For much of the United States, January 2nd is when life resumes business as usual. It’s a brand new year and even though 2018 began yesterday, it seems to me that today is when it really begins. School schedules begin ramping up again. Work schedules have or soon will return to normal. Over the past few days, you may have been thinking about your new year’s resolutions. Maybe you want to lose a few pounds, start pursuing a dream you’ve had, or something else. If you’re a parent though, have you thought about explaining resolutions to your children? Better yet, have you made resolutions to benefit your children? I hope this blog is useful in helping you do both!
Explaining Resolutions to Children
What is a resolution? This might be a question that one of your children may ask you. I think the easiest way to explain a resolution is to tell kids that there is something that is a problem or causes trouble in your life and a resolution is something we do to try to solve the problem. By calling it a resolution, it makes it more of a promise to stay the course and not quit trying the whole year long. Giving examples is another really good thing to do. If the problem is that your clothes don’t fit anymore, the promise is to exercise a little each day so that your clothes will fit better. If the problem is that you don’t have enough clean dishes for dinner, the promise is that you will load and run the dishwasher each night before bed so you always have clean dishes in the morning. Depending on the age of your child, you may want to use examples that make more sense to them such as cleaning up their toys or putting laundry in the hamper.
Help Your Children Make a Resolution
Sit down with your kiddos and start by making a list. Ask questions such as “is there anything in your life that you could do better?” or “do you see any problems in our house?” If they can’t think of anything, have some examples prepared that might get the juices flowing. My ideas would be having less screen time, cleaning rooms, more physical activity, or picking our school clothes the night before. These suggestions are all manageable for children and may also contribute to the organization of the home. Once your child has decided on one or more resolutions, help them write them down and hang them somewhere in your house where they are going to serve as a reminder of their commitment. This helps to ensure that the resolutions are not easily forgotten. Additionally, throughout the year, it’s a good thing to ask your kiddos about how things are going and remind them of their promise if needed.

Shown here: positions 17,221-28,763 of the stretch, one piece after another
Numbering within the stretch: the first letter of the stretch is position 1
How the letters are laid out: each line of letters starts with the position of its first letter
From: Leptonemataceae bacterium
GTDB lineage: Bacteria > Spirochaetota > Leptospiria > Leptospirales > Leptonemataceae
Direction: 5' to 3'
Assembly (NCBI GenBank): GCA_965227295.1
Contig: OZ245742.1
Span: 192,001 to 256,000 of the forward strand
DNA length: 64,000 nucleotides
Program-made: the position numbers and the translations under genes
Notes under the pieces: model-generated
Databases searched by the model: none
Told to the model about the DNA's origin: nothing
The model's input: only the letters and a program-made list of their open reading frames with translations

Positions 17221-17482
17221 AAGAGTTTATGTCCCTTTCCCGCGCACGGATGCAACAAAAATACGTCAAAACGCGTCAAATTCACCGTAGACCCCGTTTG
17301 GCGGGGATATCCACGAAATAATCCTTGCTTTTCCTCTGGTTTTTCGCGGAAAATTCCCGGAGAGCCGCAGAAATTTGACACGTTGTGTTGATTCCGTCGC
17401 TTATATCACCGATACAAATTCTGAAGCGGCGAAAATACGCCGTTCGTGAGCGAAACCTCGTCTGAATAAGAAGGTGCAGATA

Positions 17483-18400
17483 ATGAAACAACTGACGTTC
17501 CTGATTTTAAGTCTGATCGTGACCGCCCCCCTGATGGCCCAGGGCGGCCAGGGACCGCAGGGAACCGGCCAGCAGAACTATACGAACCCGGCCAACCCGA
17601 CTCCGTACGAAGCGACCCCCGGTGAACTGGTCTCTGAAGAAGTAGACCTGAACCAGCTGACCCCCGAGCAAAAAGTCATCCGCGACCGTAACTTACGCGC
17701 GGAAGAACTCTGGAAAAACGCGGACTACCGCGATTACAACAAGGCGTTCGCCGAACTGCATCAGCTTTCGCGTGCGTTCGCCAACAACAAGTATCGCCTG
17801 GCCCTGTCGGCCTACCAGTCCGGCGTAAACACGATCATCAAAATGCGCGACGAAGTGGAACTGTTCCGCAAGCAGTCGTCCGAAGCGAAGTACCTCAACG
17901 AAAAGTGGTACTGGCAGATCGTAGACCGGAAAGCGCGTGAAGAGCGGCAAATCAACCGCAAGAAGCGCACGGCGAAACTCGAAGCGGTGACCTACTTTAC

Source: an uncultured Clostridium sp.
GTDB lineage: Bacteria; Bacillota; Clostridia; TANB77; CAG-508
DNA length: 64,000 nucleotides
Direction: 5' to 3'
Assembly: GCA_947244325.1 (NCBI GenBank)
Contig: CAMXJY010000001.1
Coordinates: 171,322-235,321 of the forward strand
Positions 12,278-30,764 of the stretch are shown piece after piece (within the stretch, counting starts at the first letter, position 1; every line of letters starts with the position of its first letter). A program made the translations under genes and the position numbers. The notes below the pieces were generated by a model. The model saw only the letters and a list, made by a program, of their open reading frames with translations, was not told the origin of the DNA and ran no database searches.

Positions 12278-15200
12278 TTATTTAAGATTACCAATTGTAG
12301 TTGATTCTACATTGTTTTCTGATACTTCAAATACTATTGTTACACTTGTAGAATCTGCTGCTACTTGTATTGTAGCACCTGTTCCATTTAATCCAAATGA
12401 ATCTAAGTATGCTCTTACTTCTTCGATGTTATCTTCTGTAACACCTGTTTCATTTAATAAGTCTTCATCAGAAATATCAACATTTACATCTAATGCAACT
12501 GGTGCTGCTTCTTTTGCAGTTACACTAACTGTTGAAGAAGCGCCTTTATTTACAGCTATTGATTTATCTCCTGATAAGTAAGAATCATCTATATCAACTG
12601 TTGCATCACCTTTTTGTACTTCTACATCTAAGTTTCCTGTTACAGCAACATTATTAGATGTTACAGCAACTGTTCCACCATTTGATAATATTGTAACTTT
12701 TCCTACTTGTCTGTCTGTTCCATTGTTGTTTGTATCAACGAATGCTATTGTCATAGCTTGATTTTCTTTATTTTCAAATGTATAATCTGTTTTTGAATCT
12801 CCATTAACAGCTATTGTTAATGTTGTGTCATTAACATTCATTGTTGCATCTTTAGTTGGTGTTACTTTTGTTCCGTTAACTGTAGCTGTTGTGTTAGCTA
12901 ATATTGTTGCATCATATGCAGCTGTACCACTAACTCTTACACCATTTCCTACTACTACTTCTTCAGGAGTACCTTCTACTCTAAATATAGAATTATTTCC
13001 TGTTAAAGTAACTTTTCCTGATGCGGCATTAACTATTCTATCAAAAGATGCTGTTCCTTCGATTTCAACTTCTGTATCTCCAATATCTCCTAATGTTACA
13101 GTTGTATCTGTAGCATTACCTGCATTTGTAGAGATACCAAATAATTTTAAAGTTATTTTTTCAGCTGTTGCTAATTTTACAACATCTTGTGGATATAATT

I recently read an article about New Year’s resolutions. In this article, one of the tips was for the family to make a resolution or two as a whole. I thought this was a fantastic idea! I’m sure this never happens to you, but my four littles occasionally (read frequently) bicker about things. This idea of resolving things as a family unit really piqued my interest. It got me thinking. What if we all promised to line up our shoes by the door each night before going to bed? I wonder it we could save time ironing if we all put away our laundry the same day it comes out of the dryer? Maybe we commit to having a family game night at least one night each week. Yes! This is a great idea!
As parents, we can also make the decision to improve our parenting as well. What better resolution than one that benefits your children, right? Here are some resolution ideas specifically designed for parents:
- Counting to 10 before you issue a consequence.
- Going device free for 30 minutes each night and replacing that with play.
- Cooking a homemade meal at least three times per week.
- Scheduling a family outing once each month.
- Reading with your children at least three times per week.
Resolving to be Better at Life
No matter what the drive or reason for your resolution, the reality is we all want to be better humans. We want to be healthy, be more successful, and happy. Let’s all celebrate the journey and make some awesome resolutions. New year, new you! Now, go get ’em!